Learn how To Needle Felt With Wire – Easy step by step guide
Welcome to The Felt Hub with Lincolnshire Fenn Crafts, here to feed your passion for needle felting! This easy guide to using wire for needle felting will give you a god grasp of what wire to use, and when. From realistic horns, using only wool and a pipe cleaner, to full fox armature.
Links for free download, video tutorials, and felting wire are at the bottom of the post.
YOU DON’T HAVE TO USE WIRE TO BE GOOD AT NEEDLE FELTING
It may seem an odd place to start but it is important to know that many needle felters, including myself, rarely use a full wire armature. Many new needle felters – mistakenly – think that using wire means you are better at needle felting. This is not the case at all, and the truth is, most needle felting projects don’t need it. In fact, the trustee wooden BBQ skewer can completely change the finished look and stability of your needle felting projects, without the need for any wire. Just check out my Parsley Hare needle felting tutorial on YouTube to see how amazing this tool really is.
NEVER BE WITHOUT A WOODEN BBQ SKEWER
The humble wooden BBQ skewer is in my top 3 needle felting tools. It enables you to quickly, and easily create firm needle parts for your project, without the need for wire. Using one of these will change the way you needle felt. Find out more HERE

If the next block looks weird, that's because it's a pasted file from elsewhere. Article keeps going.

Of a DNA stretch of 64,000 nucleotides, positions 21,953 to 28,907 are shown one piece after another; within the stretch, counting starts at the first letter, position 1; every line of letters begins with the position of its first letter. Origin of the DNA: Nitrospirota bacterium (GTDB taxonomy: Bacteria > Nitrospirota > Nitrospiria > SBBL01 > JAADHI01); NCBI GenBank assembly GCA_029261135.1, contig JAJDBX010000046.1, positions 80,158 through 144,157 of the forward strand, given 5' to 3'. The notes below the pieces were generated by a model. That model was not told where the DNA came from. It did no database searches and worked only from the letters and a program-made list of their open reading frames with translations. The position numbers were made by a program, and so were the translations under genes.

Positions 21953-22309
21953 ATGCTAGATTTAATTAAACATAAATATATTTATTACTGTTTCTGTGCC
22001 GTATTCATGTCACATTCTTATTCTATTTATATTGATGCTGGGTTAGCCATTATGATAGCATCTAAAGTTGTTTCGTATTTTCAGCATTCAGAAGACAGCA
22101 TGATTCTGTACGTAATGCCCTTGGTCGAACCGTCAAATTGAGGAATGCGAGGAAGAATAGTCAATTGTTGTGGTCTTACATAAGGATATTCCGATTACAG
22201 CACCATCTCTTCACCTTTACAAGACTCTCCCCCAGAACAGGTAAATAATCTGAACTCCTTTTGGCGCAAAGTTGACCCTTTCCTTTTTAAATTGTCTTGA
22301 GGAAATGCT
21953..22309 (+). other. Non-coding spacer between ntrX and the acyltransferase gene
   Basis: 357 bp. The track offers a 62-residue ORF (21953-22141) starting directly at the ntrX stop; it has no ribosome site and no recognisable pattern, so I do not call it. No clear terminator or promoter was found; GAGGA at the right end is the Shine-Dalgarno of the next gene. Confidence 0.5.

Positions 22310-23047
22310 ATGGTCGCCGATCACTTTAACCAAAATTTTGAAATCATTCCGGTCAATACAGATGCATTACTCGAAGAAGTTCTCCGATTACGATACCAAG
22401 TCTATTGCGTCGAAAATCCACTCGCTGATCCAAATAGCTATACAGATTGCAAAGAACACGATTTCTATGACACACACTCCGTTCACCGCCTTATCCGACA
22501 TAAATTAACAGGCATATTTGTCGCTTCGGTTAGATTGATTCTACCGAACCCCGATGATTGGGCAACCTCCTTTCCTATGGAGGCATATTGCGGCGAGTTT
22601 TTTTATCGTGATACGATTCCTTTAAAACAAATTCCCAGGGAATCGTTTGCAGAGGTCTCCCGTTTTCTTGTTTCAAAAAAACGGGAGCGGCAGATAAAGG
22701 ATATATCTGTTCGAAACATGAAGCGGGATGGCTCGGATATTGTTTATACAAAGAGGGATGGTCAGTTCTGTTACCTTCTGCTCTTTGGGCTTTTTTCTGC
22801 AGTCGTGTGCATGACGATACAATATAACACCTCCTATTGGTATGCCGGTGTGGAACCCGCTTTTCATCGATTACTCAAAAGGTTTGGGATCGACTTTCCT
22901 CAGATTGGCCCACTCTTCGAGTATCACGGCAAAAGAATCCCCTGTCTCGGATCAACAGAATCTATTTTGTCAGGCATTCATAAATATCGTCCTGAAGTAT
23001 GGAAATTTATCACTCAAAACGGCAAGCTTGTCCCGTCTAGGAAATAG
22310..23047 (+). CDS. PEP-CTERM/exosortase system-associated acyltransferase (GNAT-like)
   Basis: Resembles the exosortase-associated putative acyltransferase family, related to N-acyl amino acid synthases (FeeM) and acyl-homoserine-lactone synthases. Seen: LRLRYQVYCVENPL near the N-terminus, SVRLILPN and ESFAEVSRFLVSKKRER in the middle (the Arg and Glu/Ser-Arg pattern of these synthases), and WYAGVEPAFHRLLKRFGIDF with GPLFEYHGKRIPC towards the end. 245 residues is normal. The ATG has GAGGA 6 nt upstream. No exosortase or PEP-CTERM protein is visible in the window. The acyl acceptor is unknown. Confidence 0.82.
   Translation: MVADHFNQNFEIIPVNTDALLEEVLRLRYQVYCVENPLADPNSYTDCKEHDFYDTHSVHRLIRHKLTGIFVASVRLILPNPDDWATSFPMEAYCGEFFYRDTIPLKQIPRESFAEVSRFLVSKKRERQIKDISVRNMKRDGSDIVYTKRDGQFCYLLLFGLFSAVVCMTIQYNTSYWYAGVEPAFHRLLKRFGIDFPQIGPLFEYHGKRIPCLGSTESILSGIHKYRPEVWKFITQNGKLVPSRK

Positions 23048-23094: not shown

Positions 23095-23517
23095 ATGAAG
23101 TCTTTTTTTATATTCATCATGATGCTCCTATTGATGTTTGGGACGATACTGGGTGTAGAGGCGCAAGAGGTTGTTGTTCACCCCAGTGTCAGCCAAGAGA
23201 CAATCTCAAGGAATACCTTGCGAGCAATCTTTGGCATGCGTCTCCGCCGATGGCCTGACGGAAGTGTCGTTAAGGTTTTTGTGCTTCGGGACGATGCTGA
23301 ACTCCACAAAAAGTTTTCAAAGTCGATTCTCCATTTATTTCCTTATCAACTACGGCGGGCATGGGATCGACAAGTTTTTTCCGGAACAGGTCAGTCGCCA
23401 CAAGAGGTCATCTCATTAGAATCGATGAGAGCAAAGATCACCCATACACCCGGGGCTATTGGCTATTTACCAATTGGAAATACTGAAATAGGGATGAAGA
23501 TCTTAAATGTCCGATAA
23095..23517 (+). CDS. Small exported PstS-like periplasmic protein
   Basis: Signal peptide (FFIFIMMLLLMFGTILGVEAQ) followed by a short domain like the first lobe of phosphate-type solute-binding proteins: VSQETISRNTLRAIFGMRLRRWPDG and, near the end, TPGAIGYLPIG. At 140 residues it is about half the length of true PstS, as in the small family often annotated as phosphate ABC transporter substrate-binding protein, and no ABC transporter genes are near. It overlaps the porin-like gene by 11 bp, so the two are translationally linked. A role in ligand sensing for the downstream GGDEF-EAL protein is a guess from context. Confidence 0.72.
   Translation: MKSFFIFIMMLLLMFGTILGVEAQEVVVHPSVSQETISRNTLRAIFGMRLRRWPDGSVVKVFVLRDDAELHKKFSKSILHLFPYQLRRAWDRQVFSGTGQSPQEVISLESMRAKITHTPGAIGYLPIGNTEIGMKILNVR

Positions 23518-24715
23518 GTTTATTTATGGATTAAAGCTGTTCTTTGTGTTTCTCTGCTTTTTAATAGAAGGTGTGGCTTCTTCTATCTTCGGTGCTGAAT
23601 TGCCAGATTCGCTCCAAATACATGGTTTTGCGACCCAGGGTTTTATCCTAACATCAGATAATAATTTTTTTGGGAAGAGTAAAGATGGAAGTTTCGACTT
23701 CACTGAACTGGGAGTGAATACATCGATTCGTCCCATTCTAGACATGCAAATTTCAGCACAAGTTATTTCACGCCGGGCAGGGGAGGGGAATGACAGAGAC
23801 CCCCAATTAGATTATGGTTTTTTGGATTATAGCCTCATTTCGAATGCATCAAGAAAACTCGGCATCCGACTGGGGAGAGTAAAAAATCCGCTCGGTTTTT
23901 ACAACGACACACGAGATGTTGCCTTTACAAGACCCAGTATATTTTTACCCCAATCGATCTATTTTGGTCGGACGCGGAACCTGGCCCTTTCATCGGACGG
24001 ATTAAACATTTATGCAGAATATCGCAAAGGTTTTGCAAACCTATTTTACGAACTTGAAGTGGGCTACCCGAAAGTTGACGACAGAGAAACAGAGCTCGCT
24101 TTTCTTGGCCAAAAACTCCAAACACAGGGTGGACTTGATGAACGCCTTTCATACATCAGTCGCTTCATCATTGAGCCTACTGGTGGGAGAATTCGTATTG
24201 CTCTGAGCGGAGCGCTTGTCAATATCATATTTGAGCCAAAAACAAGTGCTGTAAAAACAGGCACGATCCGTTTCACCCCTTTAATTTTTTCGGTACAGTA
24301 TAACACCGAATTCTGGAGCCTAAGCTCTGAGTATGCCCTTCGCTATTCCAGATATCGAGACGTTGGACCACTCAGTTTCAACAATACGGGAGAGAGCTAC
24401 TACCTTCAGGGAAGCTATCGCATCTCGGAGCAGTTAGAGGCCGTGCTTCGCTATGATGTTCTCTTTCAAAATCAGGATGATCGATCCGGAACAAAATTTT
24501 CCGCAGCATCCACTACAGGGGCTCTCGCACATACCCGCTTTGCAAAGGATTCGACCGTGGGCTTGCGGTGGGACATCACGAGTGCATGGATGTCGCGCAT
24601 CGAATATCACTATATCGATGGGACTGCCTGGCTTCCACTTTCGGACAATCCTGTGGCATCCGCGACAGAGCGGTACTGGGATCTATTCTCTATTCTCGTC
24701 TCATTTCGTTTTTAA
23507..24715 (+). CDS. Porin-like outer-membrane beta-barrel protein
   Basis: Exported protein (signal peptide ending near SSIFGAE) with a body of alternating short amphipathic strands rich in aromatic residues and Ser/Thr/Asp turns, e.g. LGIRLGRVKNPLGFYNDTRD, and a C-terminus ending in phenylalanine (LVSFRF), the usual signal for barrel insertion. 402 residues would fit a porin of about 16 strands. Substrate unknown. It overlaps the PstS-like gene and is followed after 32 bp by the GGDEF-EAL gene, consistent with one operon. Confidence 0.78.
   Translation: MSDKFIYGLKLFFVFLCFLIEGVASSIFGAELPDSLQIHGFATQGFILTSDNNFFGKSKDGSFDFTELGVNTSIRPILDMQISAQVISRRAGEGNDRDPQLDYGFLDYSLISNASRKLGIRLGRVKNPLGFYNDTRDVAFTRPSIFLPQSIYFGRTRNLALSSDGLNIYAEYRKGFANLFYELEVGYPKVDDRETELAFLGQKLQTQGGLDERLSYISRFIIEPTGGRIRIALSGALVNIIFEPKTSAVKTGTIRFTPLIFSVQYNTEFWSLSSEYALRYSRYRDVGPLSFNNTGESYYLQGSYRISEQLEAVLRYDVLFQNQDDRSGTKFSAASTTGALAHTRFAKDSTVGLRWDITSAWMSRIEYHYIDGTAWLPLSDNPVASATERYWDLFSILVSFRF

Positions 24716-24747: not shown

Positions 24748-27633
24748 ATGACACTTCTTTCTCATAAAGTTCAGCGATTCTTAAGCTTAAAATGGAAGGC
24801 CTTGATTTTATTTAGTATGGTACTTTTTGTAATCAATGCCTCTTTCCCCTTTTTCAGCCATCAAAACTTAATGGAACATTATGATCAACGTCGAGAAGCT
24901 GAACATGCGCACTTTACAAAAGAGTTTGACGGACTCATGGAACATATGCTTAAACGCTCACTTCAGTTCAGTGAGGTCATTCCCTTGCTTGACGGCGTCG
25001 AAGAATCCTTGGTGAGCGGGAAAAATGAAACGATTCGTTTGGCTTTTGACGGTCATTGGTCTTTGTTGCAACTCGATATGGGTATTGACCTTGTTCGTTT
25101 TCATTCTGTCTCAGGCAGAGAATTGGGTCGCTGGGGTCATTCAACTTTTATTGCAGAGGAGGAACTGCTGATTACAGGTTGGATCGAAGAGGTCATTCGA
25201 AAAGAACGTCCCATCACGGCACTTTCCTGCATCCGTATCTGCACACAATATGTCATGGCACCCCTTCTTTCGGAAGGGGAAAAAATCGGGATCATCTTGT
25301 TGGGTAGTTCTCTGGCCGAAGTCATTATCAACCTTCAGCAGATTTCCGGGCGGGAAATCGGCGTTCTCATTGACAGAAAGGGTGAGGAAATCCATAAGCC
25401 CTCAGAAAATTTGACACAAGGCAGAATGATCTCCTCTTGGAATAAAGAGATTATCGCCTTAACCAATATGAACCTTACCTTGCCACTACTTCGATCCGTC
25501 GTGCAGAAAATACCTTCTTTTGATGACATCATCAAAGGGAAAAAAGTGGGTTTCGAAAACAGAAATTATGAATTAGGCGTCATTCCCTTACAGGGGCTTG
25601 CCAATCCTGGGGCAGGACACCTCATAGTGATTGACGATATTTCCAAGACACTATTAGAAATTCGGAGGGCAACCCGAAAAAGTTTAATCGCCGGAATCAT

PIPE CLEANERS CAN BE YOUR QUICK FIX FRIEND
A BBQ skewer wont work for everything though and a pipe cleaner, or two, makes it possible to add some really clever touches to your project. Especially tails and horns, flower stems, or to stop your legs doing the Fandango every time you try to get them to stand, or when your project is top heavy; why do I feel like I am talking about myself?
ADD STABILITY AND POSEABILITY
Using wire for your needle felting projects will allow you to pose your animal and add more stability. It can be used for just a tail, the legs, neck, or the whole project.
TINY FINGERS, TOES, PAWS, AND CLAWS
This requires a much finer wire and the paper covered steel wire in your pack is just the job. No need for wax, and the wool sticks well to the paper, allowing you to get those delicate details. It also works well for super thin bird’s legs and claws.
SHAPING YOUR WIRES
WIRE SIZES EXPLAINED
Wire gauge refers to the physical size of the wire; the smaller the wire gauge number, the larger/thicker the wire diameter.
Whilst thicker is usually stronger, the type of metal affects its flexibility. Working on a like for like gauge size, Aluminium is the softest and most flexible, copper a little stronger, and steel (the paper covered wire) is stronger still.
GOOD OLD GARDEN WIRE
The plastic covered garden wire is a great substitute if that’s what you have lying around and can’t wait to try needle felting with wire. The plastic is also quite ‘sticky’ so holds the wool well.
12 GAUGE ALUMINIUM ARMATURE WIRE: 2.00mm
Ideal for medium to large lightweight sculptures. Strong but still easily shaped by hand, and with pliers.
Pipe cleaners can be wrapped around the armature so the wool sticks and does not slip and slide.
18 GAUGE ALUMINIUM WIRE: 1mm x 10 metres
Ideal for medium lightweight sculptures. Strong but still easily shaped by hand, and with pliers. Pipe cleaners can be wrapped around the armature so the wool sticks and does not slip and slide.
20 GAUGE ALUMINIUM ARMATURE WIRE: 0.8mm x 10 metres